Sunday, October 27, 2013

All the Books that Swept across My Threshold Today

I can't believe I started this post last Thursday and am only finally finishing and publishing it today.

Just an ordinary Thursday, though it is United Nations Day (Oct. 24).

At the college library this noontime, I experienced the magical opportunity of being one of the first to view a clutch of new titles that hit the "New Books" shelf late yesterday afternoon. Very, very lucky.

I grabbed a new biography, Jack London: An American Life, by Earle Labor, foremost among London scholars. I've mentioned that I'm an annual reader of London's famous short story, "To Build a Fire." From living in wilderness I comprehend how easy it is to succumb to the forces of nature, yet nature is our life's breath. As of today, I'm determined to read London's White Fang. I've foolishly protected myself from this novel for my entire life. Today it occurred to me that there's no need. I'll just sweep past the pages in which the brutalization of an animal occurs. Earle Labor documents, in detail for the first time, the extent to which London was devastated by the loss of his animals and the abuse of others'.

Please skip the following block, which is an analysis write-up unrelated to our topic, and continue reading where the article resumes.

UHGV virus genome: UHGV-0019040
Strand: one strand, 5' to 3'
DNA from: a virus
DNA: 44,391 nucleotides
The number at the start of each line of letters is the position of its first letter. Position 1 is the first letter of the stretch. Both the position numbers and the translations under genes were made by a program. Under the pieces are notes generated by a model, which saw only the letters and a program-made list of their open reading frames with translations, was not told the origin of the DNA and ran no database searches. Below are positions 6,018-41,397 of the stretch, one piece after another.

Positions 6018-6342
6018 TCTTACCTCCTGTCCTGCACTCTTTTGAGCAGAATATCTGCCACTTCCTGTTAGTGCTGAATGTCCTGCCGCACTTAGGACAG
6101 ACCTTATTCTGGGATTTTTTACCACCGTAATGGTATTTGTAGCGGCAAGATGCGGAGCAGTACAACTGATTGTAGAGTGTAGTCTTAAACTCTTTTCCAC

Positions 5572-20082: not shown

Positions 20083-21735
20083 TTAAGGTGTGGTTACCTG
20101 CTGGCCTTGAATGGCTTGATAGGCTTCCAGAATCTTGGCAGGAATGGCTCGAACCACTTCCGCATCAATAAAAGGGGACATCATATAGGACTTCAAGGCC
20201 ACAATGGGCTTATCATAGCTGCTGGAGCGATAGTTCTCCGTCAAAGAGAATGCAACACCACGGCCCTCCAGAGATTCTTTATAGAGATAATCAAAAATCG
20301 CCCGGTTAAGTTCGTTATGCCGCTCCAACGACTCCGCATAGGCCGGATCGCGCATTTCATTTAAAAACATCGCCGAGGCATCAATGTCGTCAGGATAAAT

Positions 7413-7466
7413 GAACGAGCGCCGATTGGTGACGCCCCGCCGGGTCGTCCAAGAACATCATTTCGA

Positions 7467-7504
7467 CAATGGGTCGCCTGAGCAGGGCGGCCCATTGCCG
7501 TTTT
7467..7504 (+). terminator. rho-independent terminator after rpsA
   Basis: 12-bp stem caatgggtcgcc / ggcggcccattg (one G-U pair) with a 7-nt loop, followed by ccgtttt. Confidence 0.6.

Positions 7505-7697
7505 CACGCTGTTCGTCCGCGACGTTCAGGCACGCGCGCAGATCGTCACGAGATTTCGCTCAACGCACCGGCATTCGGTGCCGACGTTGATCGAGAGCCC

I also grasped a new release, The Best American Short Stories of 2013, edited (and selected) by Elizabeth Strout, Pulitzer-Prize-winning author of Olive Kitteridge. I never manage to read all the stories in the annual collection, and I'll admit I'm partial to the stories penned by relatively unknown writers.